Re-thinking the Value of Work
A few thoughts on what working with your hands means and how we tend to view manual labor.
We must redeem the principle that manual labor is to be admired.
Working with one’s hands is not an antilogy to education. Lessons learned in trade schools and real-life experiences are every bit as valuable as a college degree. In many cases–more so.
We already have more than enough lawyers, hedge-fund managers, social-media influencers, aspiring DJs, actors, athletes, and preachers. We do need many more bricklayers, carpenters, plumbers, lab assistants, and farm workers. Given our aging population, we’re especially going to need far more caregivers. Regardless of wealth, your life depends on these people.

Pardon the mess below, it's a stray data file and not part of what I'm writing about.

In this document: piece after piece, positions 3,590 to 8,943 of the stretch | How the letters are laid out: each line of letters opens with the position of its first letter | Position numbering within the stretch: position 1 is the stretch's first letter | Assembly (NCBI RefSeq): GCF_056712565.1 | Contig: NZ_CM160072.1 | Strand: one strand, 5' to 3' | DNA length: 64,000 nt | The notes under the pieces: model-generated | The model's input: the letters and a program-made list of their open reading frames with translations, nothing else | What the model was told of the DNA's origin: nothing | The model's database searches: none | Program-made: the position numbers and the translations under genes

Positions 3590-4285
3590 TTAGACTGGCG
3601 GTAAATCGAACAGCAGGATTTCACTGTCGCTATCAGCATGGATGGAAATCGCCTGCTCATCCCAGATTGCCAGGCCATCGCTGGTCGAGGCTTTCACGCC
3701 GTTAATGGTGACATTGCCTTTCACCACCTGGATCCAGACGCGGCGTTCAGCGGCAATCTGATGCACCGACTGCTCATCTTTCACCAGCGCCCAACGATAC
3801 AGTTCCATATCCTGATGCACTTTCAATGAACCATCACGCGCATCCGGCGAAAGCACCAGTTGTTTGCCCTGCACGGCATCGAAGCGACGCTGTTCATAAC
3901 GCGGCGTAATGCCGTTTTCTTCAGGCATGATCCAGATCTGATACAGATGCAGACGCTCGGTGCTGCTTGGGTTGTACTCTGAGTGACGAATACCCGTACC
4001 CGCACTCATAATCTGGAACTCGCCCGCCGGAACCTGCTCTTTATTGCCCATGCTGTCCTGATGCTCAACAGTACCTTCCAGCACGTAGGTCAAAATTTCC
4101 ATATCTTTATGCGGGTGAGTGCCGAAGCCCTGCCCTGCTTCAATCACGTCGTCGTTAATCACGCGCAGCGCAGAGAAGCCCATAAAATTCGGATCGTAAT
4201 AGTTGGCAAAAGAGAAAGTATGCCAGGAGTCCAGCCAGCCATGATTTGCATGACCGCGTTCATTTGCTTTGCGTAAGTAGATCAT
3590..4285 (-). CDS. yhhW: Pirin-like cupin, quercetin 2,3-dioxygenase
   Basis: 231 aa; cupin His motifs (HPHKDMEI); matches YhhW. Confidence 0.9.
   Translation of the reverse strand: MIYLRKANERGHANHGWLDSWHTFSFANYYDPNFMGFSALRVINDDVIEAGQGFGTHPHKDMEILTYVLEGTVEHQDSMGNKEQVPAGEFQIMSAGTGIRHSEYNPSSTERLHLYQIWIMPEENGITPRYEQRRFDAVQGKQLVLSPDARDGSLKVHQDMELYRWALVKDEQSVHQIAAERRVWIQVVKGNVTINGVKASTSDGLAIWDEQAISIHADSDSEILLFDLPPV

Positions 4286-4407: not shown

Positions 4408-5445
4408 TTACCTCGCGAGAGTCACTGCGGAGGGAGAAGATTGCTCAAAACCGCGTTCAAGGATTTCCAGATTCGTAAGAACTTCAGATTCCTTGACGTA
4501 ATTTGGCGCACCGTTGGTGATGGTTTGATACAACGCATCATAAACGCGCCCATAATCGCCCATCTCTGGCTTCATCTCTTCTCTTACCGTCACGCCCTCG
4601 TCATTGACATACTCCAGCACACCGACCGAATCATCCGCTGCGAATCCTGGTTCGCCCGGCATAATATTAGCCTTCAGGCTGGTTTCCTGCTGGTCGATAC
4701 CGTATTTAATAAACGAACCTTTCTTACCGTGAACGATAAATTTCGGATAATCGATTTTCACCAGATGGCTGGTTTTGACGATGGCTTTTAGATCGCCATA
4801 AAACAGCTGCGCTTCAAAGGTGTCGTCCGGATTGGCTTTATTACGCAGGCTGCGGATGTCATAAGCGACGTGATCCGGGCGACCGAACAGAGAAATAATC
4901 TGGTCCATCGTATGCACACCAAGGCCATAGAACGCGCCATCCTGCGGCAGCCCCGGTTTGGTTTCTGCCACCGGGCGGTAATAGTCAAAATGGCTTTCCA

The best way to make manual labor meaningful is to pay decent wages that really mean something. It’s why we desperately need unions. It’s why a liveable minimum wage, mandated by law, is essential.
Paying human beings as though their work truly has value is the most important first step toward restoring the doctrine that hard physical work is a noble pursuit.